A thoroughbred racehorse worth over US$300,000 almost met a tragic end when she was abandoned in a stable to perish. However, in the nick of time, a charity found and rescued her and she survived, despite the huge odds stacked against her.
Today, 9-year-old War Celeste is in the loving care of fosterers, living the life she deserves.
Bred in the United States in 2012 by Swettenham Stud, Celeste was auctioned off to China Horse Club for 240,000 pounds (approx. US$328,000) by Watership Down Stud, a stud farm owned by composer Andrew Lloyd Webber.
With an impressive lineage—her dam, Dawn Chorus, was mated with ex-racing horse War Front, one of the most expensive sires in the world—Celeste was sent to Ireland to be trained. But when she hadn’t raced by the age of 3, she was sold to Bowman Bloodstock for just 15,000 euro (approx. US$17,500) for breeding.
Her fall from the elite was “swift and heartbreaking,” Dorothy Collin of Ireland’s My Lovely Horse Rescue (MLHR) said in a statement to The Epoch Times.
“We found Celeste on a cold winter’s morning in February 2018, slowly starving to death with 10 other beautiful thoroughbreds in a barn in County Cork,” Collin said. “The individual who owned her at the time of her discovery in the barn has since fled the country and is still wanted in connection with animal welfare abuses.”
The charity was alerted that 11 horses and a number of cats and dogs were being kept in “deplorable conditions” and they thus went to investigate, in partnership with the Department of Agriculture and the horse pound. “Those of us there that day will never forget what we saw,” Collin said.
Some horses had access to a small, muddy paddock, but four were trapped inside individual stalls, standing on heaps of manure so tall that diggers had to excavate an escape route. “They came out slipping, falling, terrified,” said Collin.
Celeste was one of the five horses that were in danger of being euthanized on site. But she got her second chance; as MLHR took the five “broken creatures” into their care, eventually saving three and restoring them back to health.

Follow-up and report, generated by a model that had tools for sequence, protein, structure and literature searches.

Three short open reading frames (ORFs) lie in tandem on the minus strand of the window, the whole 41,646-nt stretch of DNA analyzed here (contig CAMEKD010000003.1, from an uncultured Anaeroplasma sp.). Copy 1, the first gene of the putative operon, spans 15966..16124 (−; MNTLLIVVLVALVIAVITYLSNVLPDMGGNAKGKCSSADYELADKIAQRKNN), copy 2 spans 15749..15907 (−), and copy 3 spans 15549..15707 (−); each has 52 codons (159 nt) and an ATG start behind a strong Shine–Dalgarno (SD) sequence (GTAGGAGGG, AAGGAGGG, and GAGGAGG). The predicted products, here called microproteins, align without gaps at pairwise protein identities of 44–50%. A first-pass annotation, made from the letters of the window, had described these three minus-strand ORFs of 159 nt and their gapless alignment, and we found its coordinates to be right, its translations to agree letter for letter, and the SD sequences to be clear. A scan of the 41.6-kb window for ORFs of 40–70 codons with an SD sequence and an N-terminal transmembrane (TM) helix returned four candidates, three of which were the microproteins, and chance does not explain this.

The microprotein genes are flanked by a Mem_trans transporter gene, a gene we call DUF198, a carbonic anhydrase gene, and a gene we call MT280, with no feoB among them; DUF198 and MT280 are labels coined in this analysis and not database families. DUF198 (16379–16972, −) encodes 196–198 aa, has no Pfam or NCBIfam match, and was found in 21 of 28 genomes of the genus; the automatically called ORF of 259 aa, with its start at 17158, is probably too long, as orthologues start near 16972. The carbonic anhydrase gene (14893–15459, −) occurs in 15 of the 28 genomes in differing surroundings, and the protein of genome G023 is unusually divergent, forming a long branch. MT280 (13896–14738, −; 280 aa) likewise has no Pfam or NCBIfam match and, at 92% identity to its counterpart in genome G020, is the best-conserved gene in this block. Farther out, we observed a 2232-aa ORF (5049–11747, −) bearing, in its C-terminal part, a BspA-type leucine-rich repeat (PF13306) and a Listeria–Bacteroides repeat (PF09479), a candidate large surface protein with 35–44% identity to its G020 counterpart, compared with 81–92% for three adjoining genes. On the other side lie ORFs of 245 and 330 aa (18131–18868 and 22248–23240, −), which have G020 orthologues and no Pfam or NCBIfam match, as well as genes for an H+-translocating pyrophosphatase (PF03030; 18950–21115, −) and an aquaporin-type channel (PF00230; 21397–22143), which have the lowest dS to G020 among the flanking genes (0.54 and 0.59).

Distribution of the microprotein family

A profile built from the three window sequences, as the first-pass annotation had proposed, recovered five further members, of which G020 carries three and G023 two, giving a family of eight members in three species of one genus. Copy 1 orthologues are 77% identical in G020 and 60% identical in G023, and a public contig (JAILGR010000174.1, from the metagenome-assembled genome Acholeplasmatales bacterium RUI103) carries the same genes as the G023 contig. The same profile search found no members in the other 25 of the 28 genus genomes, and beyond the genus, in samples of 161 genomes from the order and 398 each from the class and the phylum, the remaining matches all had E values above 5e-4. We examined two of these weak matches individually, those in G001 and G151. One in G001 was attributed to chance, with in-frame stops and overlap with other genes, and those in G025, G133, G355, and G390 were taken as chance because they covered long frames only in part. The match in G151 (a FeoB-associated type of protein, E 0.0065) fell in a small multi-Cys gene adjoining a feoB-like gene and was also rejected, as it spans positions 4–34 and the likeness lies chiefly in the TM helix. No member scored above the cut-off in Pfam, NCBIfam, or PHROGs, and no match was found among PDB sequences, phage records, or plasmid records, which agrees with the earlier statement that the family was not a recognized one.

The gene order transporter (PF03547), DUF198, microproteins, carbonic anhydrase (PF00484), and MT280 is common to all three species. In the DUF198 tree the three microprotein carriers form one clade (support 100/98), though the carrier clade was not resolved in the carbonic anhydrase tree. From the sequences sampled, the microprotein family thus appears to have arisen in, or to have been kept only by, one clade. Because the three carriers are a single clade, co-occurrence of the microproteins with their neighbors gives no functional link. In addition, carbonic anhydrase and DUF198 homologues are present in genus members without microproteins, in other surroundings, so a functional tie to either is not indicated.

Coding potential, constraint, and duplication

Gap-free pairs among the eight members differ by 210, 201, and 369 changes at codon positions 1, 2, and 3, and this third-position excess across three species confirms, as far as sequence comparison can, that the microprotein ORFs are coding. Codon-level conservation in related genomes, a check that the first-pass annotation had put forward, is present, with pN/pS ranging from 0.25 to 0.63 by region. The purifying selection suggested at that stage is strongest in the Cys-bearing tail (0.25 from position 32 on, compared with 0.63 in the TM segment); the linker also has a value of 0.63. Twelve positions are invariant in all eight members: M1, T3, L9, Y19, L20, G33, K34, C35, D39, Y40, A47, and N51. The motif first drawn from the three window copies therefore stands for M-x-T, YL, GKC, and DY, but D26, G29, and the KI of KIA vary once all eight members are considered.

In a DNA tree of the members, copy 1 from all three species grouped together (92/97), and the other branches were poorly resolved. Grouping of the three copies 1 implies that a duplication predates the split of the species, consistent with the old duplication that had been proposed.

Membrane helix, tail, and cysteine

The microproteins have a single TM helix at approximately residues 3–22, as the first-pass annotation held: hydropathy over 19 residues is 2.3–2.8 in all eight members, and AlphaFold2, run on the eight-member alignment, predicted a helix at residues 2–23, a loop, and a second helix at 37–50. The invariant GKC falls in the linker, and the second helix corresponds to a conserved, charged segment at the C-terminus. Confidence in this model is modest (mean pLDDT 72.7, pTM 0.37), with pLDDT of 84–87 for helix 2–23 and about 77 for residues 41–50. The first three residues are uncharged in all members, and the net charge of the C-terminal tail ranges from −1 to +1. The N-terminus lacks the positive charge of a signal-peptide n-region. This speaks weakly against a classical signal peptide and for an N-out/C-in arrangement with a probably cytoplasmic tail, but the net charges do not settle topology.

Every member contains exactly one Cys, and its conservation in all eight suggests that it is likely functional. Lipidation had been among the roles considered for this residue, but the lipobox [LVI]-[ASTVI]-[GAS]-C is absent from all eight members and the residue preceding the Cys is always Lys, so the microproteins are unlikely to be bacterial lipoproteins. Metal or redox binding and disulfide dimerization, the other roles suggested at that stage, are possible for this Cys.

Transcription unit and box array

En route to their rescue center in Kildare, Ireland rescuers had no idea they had equine royalty in their midst.
“Like the others, [Celeste] was emaciated, her feet overgrown, her skin in terrible condition,” Collin recalled. “She’d been locked in a stable and hadn’t seen daylight in a long time. She was covered in lice, and so ill that anything like treatments for lice or worms had to be delayed until she was strong enough or they might have actually killed her.”
So began the slow, patient process of rehabilitation, a re-feeding program, and vital loving care. Rescuers acknowledged Celeste’s trauma and marveled at her unbreakable spirit.
“She hated [open spaces] and would get into such a panic, literally crying to be let back inside, and only calming down when ‘safe’ once more within the stable walls,” Collin explained. Yet “like a prisoner emerging from the dark,” Celeste slowly learned to enjoy her freedom.
Collin recalls that Celeste worked with her rescuers as if they were in this thing together from the beginning.
The “wonder of a horse” retained her quiet nature and is “very ladylike in her movements,” Collin said. She prefers women and is not food-orientated at all, even after her ordeal.
As Celeste’s recovery progressed, MLHR fielded interest from breeders, and sent the horse to long-time fosterer Martin Laffan and his granddaughter, Abi Plunkett, who helped her find expression as a competitor. Boasting a “soaring” jump, Celeste won a championship in the “unraced” class, and her fosterers hoped to show her at the Royal Dublin Horse Show, which didn’t happen this year.
“There is always a lot of excitement from people when she is competing,” said Collin. “Her story is getting so well known and everyone really wonders at her survival and current success.”
The charity’s message to others is a plea to rethink our collective use of horses. We need a “life plan” for each and every horse, it says, to ensure that we always know they are happy, healthy, and cared for.
MLHR’s mission is to help society achieve zero tolerance for animal neglect and abuse through its rescue and rehabilitation efforts, and through educating people in animal care.
“We have watched hundreds of horses come into our care from horrific circumstances and in terrible conditions,” Collin said. “To us, it matters not where they came from but who they are themselves, and we love them for their strength and courage.
“To see our beautiful Celeste now, healthy, happy, spirited, and vibrant, fills us with immeasurable joy.”